NC Wesleyan University  Sponsored by Mindstream
Queens University of Charlotte – Sponsored by BHDP
University of Mount Olive – Sponsored by Mount Olive Pickle Company
William Peace University
 Sponsored by Fidelity Investments
Wingate University
– Sponsored by Centrica Business Solutions

 

NC Sheriffs’ Association Establishes Scholarships

The North Carolina Sheriffs Association (NCSA) has established the North Carolina Sheriffs’ Association Criminal Justice Scholarship for students at 26 private colleges and universities in North Carolina that will be administered by North Carolina Independent Colleges and Universities (NCICU).

Recipients, who must be North Carolina residents, will receive a $2,000 scholarship. Priority will be given to students whose parent or guardian has served in law enforcement, or the scholarship will go to a student majoring in criminal justice or a related program.

Colleen Kinser, Director of the Independent College Fund of North Carolina expressed appreciation for this scholarship support, “We are thankful for this partnership with NCSA to assist qualifying students who want to pursue a career in law enfocement and to give back to the dependents of those who are already serving our community. We are looking forward to working with NCSA to administer these funds.”

Recipients of the scholarship will be chosen by the financial aid office at the university that the student plans to attend or is currently attending. Applications are available from the university’s financial aid office, and after completion, should be returned to the university’s financial aid office.

ALL NEWS

Queens University of Charlotte Repeat Ethics Bowl Champion

For the second consecutive year, Queens University of Charlotte is champion of the statewide Ethics Bowl, an annual event organized by North Carolina Independent Colleges and Universities (NCICU). The event was held Feb. 9-10 at the North Carolina Legislative Complex in Raleigh.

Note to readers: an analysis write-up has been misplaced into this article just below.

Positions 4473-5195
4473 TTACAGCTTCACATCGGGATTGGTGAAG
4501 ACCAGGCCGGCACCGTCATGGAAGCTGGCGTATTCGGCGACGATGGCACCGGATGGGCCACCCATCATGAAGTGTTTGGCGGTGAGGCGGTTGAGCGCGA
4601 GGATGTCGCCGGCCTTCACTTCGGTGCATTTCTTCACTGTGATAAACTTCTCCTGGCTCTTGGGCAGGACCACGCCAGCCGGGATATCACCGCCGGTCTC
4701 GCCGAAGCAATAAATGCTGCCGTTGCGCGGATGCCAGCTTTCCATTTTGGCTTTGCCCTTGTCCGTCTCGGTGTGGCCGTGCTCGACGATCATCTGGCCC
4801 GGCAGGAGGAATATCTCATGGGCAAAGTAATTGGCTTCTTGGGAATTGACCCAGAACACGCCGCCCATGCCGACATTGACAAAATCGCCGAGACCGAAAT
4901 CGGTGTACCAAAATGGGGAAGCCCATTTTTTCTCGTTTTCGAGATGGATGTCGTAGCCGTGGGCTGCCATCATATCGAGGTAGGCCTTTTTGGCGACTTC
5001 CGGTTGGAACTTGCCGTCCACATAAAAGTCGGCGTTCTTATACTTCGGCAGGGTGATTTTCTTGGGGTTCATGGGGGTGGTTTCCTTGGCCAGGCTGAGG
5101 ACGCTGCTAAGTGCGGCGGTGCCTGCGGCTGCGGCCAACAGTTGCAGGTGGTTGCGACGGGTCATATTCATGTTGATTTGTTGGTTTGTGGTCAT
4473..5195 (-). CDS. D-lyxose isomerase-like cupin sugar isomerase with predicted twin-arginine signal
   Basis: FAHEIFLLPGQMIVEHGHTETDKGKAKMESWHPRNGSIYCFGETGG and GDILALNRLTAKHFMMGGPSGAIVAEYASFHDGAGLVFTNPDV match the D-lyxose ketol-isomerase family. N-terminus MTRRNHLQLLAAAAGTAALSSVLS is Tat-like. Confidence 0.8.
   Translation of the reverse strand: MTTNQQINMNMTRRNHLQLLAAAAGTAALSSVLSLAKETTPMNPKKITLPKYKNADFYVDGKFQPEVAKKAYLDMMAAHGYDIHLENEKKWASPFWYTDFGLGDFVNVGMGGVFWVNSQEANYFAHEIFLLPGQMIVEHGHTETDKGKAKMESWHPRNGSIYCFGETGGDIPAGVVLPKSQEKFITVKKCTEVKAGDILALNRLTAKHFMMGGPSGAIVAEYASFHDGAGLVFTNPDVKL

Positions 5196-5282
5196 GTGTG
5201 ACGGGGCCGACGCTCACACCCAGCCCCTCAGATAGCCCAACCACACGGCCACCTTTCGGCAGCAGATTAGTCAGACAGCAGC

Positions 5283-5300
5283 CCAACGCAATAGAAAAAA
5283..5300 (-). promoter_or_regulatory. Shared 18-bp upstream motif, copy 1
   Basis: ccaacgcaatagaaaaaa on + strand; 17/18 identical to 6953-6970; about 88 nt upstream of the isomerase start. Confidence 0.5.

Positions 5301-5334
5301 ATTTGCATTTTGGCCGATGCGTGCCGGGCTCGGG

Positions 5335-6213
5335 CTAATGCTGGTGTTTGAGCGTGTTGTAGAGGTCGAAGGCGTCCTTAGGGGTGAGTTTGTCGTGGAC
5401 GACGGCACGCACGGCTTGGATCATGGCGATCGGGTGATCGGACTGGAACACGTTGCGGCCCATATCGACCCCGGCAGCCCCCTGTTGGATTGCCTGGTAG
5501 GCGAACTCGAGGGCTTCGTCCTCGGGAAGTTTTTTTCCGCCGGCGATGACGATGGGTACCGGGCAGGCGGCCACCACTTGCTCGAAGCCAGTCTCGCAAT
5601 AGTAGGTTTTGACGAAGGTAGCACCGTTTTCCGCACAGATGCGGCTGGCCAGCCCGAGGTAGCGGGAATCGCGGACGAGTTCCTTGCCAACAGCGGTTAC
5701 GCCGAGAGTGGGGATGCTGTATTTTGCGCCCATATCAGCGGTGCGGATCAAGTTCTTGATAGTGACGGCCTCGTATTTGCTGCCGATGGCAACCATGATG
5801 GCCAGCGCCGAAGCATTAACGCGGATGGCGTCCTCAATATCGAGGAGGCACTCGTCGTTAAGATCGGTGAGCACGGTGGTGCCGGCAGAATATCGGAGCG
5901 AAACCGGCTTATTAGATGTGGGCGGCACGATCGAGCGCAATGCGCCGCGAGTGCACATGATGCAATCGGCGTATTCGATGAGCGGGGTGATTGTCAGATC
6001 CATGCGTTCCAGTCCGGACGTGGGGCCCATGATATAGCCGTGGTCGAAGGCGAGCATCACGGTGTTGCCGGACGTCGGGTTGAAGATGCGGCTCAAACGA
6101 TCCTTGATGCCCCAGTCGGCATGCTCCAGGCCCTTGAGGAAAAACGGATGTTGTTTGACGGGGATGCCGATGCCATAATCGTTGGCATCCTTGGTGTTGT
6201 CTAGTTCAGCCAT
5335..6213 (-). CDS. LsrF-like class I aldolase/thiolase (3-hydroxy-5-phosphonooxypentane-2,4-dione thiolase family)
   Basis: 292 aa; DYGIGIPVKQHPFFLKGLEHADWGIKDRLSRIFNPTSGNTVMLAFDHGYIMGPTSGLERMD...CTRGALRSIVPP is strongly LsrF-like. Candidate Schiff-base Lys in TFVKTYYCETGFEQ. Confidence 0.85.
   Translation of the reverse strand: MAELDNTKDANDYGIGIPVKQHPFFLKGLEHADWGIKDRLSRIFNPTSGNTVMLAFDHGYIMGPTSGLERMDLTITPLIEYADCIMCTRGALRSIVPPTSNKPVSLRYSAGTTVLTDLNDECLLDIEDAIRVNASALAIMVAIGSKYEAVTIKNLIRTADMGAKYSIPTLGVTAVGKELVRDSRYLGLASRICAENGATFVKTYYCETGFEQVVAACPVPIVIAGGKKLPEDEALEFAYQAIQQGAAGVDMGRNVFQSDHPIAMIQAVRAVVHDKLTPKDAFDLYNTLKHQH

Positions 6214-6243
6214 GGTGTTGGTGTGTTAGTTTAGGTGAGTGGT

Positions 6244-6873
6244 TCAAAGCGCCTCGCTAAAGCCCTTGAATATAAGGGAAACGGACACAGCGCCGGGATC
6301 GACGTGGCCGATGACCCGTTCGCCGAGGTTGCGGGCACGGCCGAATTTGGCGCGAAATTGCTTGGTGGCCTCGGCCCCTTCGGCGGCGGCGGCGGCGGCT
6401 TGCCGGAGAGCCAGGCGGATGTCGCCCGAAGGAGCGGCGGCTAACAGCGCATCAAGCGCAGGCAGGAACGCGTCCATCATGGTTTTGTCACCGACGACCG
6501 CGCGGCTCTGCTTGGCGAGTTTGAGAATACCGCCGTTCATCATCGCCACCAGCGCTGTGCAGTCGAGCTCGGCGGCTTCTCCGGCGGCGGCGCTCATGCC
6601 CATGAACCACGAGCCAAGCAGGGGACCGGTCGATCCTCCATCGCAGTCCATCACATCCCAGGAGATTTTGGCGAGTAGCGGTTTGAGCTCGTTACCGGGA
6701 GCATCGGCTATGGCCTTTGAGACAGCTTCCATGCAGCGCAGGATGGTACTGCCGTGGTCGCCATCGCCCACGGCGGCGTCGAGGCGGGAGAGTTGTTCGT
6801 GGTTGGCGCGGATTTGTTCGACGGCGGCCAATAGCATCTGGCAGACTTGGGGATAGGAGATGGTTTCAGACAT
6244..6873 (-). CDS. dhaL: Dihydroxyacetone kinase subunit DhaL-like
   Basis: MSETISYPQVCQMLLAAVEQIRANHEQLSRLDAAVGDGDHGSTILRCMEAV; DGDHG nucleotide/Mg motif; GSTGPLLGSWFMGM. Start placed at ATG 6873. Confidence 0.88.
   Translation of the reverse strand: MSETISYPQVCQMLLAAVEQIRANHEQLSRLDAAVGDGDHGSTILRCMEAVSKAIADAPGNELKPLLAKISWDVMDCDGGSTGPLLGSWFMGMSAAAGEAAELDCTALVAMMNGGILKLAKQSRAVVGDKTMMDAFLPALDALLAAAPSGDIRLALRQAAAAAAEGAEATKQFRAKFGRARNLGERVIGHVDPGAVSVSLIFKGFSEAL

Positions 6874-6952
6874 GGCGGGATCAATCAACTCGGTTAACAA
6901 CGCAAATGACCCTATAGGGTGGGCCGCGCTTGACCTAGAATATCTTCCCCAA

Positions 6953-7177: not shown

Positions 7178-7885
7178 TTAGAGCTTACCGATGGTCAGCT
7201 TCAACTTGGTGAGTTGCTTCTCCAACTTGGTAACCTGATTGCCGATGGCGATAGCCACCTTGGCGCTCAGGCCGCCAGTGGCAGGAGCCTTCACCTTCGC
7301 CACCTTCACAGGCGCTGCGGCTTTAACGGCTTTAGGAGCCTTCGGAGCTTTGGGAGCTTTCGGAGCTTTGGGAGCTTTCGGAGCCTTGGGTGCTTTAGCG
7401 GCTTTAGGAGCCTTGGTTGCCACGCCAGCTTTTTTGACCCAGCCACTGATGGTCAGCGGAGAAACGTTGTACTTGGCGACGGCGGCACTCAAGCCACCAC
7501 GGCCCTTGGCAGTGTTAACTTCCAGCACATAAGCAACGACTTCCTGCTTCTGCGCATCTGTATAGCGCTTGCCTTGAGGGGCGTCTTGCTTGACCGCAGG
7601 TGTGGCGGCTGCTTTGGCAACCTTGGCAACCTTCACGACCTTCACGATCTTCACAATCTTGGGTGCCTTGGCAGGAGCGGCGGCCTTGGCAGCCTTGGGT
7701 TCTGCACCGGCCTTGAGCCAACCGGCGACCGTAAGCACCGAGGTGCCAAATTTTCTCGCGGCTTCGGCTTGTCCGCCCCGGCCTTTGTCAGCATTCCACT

Eighteen teams from NCICU campuses participated in the competition. The 2024 theme was, “Ethics in Artificial Intelligence and Cybersecurity.” Students had to consider several complicated cases involving both artificial intelligence and cybersecurity, then make their arguments about their position on the case.

Final scores were tallied, semi-finalists were announced, and the two matches set: Queens University and High Point University were paired, as were St. Augustine’s University and Montreat College. Queens and Montreat met in the finals, where Queens University prevailed.

Queens University of Charlotte President Daniel Lugo with the university's winning 2024 NCICU Ethics Bowl team
Queens University of Charlotte President Daniel Lugo with the university’s winning 2024 NCICU Ethics . (c) Robert Witchger

“This year’s teams were exceptional,” said NCICU President Hope Williams. “It was clear they had done extensive research on the complex topics and developed well-organized, cohesive arguments to present to the judges. I was very impressed with all the teams.”

This was NCICU’s 13th Ethics Bowl. Williams believes it provides unique, important opportunities for the students. “By participating in the Ethics Bowl, students learn research and presentation skills that will serve them well in their careers,” Williams said.

But the most valuable opportunity, she noted, may have been interacting with the more than 70 professionals who volunteered their time as judges or moderators and who represent many networking opportunities and careers, from law, architecture, engineering and cybersecurity to banking, nonprofits, and state agencies.

Thanks to sponsorships, the event is self-funded. That means there is no cost to students or campuses. “We are very grateful to our sponsors,” Williams said. “Several new sponsors this year also had representatives attend the event and serve as judges. They really enjoyed the experience.”

Clark Dudek, a Triangle entrepreneur and AI expert, was keynote speaker at the dinner on Friday night at the North Carolina Museum of History. He discussed how society has adapted to emerging technologies. “AI is new and may be scary [to some],” he said. “But we are working on how to connect with this new tool and learn how it can complement the rest of our tools.”